On the eve of the election last Sunday that gave former United Nations Secretary General Kurt Waldheim the inside track on the Austrian presidency, West German chancellor Helmut Kohl chastised critics of Waldheim’s wartime service as a German Army intelligence officer for their “arrogance.” Undaunted by reports – originating with the World Jewish Congress – that link Waldheim’s unit to the deportation of Greek Jews to concentration camps, Kohl said, “I sense an arrogance of the late-born, which I find hard to bear.”
What is arrogant is the head of the German government pronouncing judgment on this issue. However, it does not come as a surprise: Kohl is not known for his prudence.
In addition, he apparently gathered from his rendezvous with Ronald Reagan at the Bitburg war cemetery one year ago that “reconciliation” absolved his country of residual war guilt. Furthermore, there has been a recent upsurge in anti-Semitic remarks by West German politicians, and Kohl has done little to quell it. And perhaps most significantly, 10 months before nationwide elections, Kohl is in trouble, and, like his friend Kurt Waldheim, a cornered Kohl is not above appealing to national pride.
Kohl is under pressure, as prosecutors in two German cities decide whether he lied or suffered amnesia in testimony before two official inquiries into payoffs from private corporations. A total of $80 million was illegally funneled to German politicians between 1968 and 1980. The major donor to Kohl as an industrial giant whose founder, Friedrich Flick, helped finance Adolf Hitler’s rise to power; Flick was subsequently convicted at Nuremberg of war crimes, including the use of 48,000 slave laborers, 80 percent of whom were worked to death.
In November 1984, Chancellor Kohl admitted to a parliamentary commission that in the late ‘70s he had secretly accepted $53,000 from the Flick Group, a multibillion-dollar holding company. He claimed to have turned the money over to his party’s treasury. However, according to reports in the German press, Kohl actually received closer to $200,000 between 1974 and 1980, when he was a regional governor.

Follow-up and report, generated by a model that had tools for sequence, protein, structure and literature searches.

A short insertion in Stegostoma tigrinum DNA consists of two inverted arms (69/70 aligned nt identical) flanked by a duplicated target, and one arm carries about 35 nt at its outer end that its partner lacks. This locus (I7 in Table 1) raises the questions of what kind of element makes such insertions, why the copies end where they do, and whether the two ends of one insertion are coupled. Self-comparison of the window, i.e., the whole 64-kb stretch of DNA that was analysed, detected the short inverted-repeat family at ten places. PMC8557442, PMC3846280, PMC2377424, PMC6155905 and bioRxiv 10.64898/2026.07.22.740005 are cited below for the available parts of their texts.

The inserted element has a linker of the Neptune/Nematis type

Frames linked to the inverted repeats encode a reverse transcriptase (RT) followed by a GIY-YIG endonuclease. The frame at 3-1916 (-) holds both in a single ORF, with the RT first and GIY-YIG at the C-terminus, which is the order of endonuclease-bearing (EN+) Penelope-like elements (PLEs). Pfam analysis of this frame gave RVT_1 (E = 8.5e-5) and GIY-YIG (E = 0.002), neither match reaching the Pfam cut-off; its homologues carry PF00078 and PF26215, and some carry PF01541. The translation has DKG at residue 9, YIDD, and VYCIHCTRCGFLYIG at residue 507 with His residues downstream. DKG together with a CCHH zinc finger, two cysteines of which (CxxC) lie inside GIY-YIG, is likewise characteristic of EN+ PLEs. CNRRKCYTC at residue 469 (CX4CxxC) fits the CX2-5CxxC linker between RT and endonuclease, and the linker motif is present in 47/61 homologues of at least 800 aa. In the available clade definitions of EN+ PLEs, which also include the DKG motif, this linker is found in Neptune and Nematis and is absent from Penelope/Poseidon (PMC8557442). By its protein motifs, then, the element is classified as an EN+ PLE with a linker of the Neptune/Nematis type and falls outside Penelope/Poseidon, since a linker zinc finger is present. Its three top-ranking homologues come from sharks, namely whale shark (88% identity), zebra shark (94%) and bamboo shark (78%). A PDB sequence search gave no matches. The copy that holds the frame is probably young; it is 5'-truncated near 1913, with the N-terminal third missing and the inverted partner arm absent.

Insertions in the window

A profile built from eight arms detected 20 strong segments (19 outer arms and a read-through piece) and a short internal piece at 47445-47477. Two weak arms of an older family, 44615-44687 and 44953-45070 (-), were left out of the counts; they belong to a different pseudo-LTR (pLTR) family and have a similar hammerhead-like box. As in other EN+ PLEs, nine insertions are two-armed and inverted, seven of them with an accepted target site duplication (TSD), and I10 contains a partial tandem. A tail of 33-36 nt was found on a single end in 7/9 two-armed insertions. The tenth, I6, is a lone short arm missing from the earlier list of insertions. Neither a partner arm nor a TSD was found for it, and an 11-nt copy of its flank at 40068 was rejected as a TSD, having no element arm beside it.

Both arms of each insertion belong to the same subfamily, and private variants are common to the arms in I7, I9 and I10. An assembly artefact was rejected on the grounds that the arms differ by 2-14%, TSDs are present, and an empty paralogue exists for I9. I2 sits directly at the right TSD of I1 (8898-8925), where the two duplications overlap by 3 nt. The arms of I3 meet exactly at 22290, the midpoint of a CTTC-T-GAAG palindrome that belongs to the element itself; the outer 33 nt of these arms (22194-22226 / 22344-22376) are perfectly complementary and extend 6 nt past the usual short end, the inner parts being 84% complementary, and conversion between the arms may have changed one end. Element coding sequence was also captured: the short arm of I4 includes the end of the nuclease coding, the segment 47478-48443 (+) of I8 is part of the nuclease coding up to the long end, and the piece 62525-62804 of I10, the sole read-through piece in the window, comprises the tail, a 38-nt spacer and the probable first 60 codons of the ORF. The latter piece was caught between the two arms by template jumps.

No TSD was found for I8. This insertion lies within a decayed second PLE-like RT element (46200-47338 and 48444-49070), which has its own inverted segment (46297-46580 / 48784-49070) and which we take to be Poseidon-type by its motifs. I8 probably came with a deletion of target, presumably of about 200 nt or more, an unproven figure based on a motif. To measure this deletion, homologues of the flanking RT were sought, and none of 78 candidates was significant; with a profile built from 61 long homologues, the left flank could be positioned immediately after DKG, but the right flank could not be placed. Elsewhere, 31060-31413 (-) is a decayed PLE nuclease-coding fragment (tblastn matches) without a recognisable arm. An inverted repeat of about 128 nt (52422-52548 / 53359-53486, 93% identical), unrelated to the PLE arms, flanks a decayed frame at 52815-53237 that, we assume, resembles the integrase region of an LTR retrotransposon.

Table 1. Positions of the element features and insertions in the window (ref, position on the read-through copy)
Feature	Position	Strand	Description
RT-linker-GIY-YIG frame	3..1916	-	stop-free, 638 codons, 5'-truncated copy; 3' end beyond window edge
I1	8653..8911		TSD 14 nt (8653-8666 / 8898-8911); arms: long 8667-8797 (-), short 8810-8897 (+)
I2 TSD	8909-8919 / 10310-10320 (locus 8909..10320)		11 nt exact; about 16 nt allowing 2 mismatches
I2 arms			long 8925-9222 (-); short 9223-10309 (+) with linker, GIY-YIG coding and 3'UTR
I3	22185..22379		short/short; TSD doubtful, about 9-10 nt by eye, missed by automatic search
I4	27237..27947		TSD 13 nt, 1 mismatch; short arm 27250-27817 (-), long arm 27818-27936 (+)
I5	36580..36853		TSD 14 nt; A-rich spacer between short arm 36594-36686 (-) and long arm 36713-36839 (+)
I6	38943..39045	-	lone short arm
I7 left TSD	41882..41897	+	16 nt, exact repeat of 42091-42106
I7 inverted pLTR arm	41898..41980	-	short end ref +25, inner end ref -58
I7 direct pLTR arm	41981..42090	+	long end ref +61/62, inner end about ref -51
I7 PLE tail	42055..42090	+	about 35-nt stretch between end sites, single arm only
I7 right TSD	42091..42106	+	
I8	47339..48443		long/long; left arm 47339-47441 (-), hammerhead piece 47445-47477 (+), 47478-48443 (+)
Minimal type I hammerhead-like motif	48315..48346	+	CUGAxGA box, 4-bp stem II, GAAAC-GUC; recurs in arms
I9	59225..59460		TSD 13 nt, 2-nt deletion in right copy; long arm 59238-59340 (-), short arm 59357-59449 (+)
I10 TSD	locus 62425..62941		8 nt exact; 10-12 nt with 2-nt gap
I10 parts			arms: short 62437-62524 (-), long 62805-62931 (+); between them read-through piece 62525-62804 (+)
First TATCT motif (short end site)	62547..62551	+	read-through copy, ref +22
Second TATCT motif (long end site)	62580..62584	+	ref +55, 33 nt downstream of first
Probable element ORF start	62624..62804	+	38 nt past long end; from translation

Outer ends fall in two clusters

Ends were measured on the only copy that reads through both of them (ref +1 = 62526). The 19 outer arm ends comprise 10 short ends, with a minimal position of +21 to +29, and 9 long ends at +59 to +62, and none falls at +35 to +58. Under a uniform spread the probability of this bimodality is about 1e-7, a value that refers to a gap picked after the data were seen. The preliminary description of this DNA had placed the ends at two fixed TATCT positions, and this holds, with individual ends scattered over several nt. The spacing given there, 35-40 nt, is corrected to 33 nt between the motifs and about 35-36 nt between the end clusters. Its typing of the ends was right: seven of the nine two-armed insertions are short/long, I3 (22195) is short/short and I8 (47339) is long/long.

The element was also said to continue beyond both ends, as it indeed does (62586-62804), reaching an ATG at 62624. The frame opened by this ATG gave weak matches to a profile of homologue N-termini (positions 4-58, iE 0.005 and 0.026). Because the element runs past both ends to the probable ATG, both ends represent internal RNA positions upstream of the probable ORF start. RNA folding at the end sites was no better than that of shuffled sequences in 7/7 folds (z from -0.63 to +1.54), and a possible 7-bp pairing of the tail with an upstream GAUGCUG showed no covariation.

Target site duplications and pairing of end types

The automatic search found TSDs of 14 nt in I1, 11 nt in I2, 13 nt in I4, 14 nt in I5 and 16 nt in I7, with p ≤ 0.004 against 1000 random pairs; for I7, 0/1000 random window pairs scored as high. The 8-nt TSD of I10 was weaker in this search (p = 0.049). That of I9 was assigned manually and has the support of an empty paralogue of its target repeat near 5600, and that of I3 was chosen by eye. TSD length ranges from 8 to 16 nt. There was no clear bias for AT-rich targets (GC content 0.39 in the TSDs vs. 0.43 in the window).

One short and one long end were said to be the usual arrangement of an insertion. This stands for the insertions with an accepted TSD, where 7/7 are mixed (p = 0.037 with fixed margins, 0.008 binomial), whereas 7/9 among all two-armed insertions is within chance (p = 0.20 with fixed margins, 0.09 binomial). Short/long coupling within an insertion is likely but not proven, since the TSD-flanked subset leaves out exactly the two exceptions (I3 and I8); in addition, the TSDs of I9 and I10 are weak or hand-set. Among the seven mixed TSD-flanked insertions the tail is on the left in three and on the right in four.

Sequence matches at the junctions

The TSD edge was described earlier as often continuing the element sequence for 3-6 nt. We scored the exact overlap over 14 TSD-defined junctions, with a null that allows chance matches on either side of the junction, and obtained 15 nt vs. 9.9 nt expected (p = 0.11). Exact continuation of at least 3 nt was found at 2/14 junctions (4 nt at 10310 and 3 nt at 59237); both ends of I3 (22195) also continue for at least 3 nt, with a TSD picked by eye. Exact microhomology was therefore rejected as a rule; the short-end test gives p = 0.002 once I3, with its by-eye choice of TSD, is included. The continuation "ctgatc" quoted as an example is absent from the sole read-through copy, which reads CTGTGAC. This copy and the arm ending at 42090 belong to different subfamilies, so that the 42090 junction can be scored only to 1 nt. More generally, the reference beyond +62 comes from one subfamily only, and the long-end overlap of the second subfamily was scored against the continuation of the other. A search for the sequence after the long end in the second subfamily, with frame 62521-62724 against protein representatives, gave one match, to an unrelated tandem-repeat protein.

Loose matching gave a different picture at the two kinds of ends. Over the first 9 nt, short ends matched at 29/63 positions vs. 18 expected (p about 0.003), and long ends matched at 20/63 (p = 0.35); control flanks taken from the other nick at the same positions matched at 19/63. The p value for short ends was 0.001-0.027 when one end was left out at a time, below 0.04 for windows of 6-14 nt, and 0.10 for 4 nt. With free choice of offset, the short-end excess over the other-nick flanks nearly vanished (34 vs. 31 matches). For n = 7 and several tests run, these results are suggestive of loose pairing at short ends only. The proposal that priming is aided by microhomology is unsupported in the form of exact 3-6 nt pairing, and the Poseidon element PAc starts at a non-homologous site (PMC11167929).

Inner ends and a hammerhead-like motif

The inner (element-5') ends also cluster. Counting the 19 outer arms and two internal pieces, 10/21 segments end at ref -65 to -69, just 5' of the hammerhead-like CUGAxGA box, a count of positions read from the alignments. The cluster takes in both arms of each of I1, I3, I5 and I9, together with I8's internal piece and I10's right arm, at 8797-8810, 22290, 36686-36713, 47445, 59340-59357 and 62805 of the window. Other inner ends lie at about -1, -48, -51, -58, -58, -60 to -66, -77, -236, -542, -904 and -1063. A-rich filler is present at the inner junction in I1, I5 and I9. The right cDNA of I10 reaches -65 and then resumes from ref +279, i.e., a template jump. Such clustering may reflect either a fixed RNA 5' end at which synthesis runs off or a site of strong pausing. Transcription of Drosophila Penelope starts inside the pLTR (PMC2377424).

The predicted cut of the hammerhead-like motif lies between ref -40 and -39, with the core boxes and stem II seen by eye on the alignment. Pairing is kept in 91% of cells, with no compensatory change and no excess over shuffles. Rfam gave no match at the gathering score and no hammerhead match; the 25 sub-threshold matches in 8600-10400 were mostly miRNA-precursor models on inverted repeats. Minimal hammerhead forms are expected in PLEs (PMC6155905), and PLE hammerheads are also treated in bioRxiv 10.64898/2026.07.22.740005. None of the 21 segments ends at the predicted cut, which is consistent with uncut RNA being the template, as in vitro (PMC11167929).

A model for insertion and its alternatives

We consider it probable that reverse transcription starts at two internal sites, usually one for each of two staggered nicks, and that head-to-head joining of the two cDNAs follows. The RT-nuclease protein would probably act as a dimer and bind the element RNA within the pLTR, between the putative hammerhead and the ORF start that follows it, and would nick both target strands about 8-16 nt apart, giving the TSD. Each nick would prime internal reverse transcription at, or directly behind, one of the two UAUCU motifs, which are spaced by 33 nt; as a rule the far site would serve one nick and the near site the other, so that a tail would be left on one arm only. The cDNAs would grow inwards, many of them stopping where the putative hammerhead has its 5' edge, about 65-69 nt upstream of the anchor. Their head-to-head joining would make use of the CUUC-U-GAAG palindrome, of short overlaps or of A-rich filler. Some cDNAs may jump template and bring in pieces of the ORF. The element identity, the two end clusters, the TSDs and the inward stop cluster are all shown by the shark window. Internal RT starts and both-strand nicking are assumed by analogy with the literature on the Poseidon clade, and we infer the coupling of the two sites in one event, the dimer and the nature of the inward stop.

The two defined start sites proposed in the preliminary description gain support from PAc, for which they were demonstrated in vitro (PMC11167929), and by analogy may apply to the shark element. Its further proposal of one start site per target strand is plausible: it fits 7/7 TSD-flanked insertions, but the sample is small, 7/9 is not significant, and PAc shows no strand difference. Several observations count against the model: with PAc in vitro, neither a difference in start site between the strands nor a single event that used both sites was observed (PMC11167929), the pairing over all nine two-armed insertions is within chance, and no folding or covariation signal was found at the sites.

The timing of the payoffs is noteworthy. Two former finance ministers are now on trial, along with the former manager of the Flick Group, whose meticulously kept records of payoffs in the late ‘70s constitute the most incriminating evidence. The money, according to the magazine Der Spiegel, was in exchange for finance ministry approval of a $175 million tax waiver to Flick following its 1975 sale of an $800 million interest in Daimler-Benz, manufacturer of Mercedes cars, to Germany’s largest bank.
However, according to Der Spiegel, Flick’s payoffs to Helmut Kohl were more likely part of another deal.
The directors of the powerful conglomerate were upset in 1972 when Kohl’s conservative Christian Democratic Party lost its first postwar national election. Shortly thereafter, Kohl’s vanquished predecessor was made an offer he could not refuse. He resigned from the CDU chairmanship, joined a law firm, and, through a numbered bank account, received $700,000 from Flick over a seven-year period for legal services he never, apparently, rendered. The Flick brain trust, meanwhile, identified Helmut Kohl as most likely to succeed.
Among notes recorded in this period by Flick’s manager, and published recently in the German press, are entries such as: “I intend to fit out Herr Kohl exactly as we did the other gentlemen.”
The irony in this story involves the Flick manager, Eberhard van Brauchitsch. Throughout the 60s, Friedrich Flick, alone among leading Nazi-era industrialists, steadfastly refused to compensate surviving wartime slave laborers. The final “no” was uttered by von Brauchitsch, who is the son of Hitler’s one-time commander-in-chief and is now on trial in Bonn for lining the pockets of German politicians.
In January of this year, shortly after purchasing the Flick empire for a little under $2 billion, Germany’s largest bank agreed to pay surviving slave laborers a sum of $2 million. When the issue of survivor compensation resurfaced, a spokesman for the Christian Social Union, the CDU’s right-wing ally, told a Cologne newspaper he saw “neither a legal nor a moral basis for this demand by the Jews. The fact that it comes up now creates the impression that Jews are quick to show up whenever money tinkles in German cash registers.”
Although one might have hoped for an altogether different reaction from a head of state, Helmut Kohl characterized the 35-year-old spokesman as “a splendid young man” who had simply said something “foolish” and apologized. During parliamentary debate in March, Kohl went on to assert that it was absurd to even speak of renewed German anti-Semitism. According to the chancellor, “the overwhelming majority of our citizens, and particularly the young, are immune to anti-Semitism.”
It is not at all surprising, then, to read of Helmut Kohl’s being shocked by accusations against “his old personal friend” Kurt Waldheim and his denunciation of Waldheim’s critics as not only “arrogant,” but ignorant of conditions during the war. Unfortunately, Helmut Kohl is one of the all too many who prefer to re-write history, including their own.